Advertising – The Client

Two of my favorite quotes about advertising:

“Every advertisement should be thought of as a contribution to the complex symbol, which is the brand image.” David Ogilvy (O&M)

“I have always believed that writing advertisements is the second most profitable form of writing. The first, of course, is ransom notes…” Phil Dusenberry (BBDO)

Years ago when I was in marketing research, the CEO of a midsized company and a good friend asked me to conduct some focus groups on a new campaign his ad agency had developed. After doing the work, I came back with the recommendation that he proceed – the message was in line with the strategy and consumers liked the creative effort.

He kept challenging me on each and every positive insight I shared with him. Finally, in exasperation I asked my friend/client what is the problem. He looked at me and said, “Arthur, there is nothing you can tell me that will change how I feel. I hate the campaign.” “So why did you bother to hire me to test it,” I asked. “I was hoping consumers would hate it as well. Now I’ll just kill it on my own.”

Our debate continued. “What don’t you like about it?” “I just don’t like it,” was the reply. “Well why not give your agency some guidelines for what you’re looking for?”

“Listen” he said, “I’ll know good advertising when I see it.”

Oh, it’s good to be the CEO.

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Find a hole and fill it

This blog has given me the opportunity to re-connect with friends and to make new ones like David van de Velde whose business motto is the headline for this posting.

In addition to being a very smart and affable fellow, David is an interesting entrepreneur and created Ketel One and Van Gogh Vodkas. In that regard, he changed the spirits industry.

I hope one day to write his full story but here are a few things that make him so interesting.

Let’s start with the motto. In an age of me-tooism, finding a hole and filling it speaks volumes about brand development strategies.

Not long after Seagram got Absolut Vodka, I kept hearing about this new brand, Ketel One, which was unique in its packaging, name, underlying concept and one other “outrageous” factor… a price at a significant premium to the category.

In addition, they concentrated on bartenders and servers and used videos and events to tell the story and even special olives for a martini. Everywhere I went at the time, all I heard was how we needed to learn from the Ketel One folks.

Many people think that the ultra premium vodka market was created by Grey Goose when, in fact, by the time Grey Goose came along, Ketel was already doing 200,000 cases.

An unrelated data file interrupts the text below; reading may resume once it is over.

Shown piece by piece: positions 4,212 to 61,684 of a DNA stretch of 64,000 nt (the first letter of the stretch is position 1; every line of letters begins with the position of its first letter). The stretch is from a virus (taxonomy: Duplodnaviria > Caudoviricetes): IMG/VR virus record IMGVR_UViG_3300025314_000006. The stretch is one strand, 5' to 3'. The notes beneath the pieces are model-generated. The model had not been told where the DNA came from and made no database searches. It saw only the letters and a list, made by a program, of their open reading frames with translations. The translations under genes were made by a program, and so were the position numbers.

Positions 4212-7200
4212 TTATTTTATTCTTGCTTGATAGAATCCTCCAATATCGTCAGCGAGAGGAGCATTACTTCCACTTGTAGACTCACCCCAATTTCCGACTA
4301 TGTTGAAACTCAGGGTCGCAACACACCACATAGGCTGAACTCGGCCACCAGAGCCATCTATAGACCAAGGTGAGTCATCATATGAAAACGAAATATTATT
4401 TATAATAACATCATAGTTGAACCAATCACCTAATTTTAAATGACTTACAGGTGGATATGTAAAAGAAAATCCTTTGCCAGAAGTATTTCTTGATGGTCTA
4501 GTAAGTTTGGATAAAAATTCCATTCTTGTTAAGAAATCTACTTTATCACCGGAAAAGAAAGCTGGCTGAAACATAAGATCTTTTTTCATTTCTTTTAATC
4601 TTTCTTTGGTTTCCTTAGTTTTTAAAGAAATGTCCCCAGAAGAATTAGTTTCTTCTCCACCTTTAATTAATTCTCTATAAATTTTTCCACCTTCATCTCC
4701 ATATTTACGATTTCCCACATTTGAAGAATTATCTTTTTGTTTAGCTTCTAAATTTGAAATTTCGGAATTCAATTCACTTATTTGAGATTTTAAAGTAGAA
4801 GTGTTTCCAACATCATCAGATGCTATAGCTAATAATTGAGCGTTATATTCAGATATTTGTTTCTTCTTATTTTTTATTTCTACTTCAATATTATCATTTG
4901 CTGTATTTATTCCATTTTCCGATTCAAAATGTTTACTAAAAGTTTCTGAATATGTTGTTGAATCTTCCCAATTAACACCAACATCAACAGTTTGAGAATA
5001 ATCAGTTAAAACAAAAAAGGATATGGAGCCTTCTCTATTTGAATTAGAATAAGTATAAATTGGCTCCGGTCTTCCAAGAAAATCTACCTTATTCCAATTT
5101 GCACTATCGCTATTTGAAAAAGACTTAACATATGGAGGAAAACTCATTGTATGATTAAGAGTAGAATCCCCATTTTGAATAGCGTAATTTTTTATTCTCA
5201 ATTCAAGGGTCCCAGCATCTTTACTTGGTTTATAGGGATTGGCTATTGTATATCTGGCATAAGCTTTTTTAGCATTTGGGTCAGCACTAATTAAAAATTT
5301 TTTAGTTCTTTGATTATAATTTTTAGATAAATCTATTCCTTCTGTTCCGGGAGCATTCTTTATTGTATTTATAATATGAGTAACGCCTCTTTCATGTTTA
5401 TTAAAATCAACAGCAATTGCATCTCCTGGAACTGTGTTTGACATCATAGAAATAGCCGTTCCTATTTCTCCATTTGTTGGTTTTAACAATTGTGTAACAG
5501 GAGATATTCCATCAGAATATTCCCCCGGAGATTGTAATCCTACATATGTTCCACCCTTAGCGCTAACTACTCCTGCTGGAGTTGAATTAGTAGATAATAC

David’s understanding of consumers is very impressive. He describes the target customer for high-end vodkas at that time as someone who wears Armani suits without pockets. Someone who walks into a bar and is holding the following – car keys with a Mercedes or BMW logo, an expensive cell phone and a wallet chocked full of goodies. No pockets. The question he asked himself is – would this person drink anything but a top shelf brand?

After Ketel One, he created Van Gogh vodka and brought the flavored category to new levels.

A little birdie told me he will be celebrating a milestone birthday this week so congratulations and keep finding and filling those holes.

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Crown Royal Part 2

The Crown Royal posting generated many emails and calls with additional comments, anecdotes and stories about the brand. I thought I would share a few.

They all amount to the same thing – the brand was built on creativity and consumer engagement with a large dose of cleverness.

Crown was one of the first brands to have outdoor ads that were “spectaculars,” defined as clever, out of the ordinary, with potentially strong stopping power. The most well known was an oversized, full dimensional bottle that filled an entire billboard. The caption on top of the bottle read “Not Actual Size.”  On the bottom it read “Too Bad.”

To gild the lily a bit a local team in the south decided to add two mannequins rappelling down the board as though trying to get into the bottle. Shortly after they went up they were stolen. Rather than get upset or simply replace them, a full-page ad was run in the local papers with the headline “Who are the dummies that stole our dummies?” The ad went on to explain that, “why would you risk your life to steal a mannequin when there was a giant bottle on the same billboard?” The result was great PR for the brand.

For many years Crown sponsored rodeo finals in Las Vegas until the cost of sponsorship became much too high. The event, with signage all over the arena, went to Jack Daniel’s. Not to be outdone, Reichardt and company decided that they were going to invest the cost of sponsorship they had been paying into ads and promotional activity and surround the event.  The result was that everywhere in Vegas that week – from airport signage to cab tops to billboards to bars – it was all about Crown not Jack. All at a fraction of what the event would have cost.

Finally, at one time Crown had trouble getting traction in California and the pressure was on. Cleverly, some local sales managers decided that moving product with just an attractive price to the trade was limiting. So instead they focused on a large Korean store, which resulted in massive window displays that came to the attention of Korean bottle club owners. They liked the package and price and started buying for their clubs. Next thing you know, Crown Royal is the number one item in Korean bottle clubs.

Moral of the stories… creativity and cleverness are byproducts of having fun with a brand and thinking outside the box.

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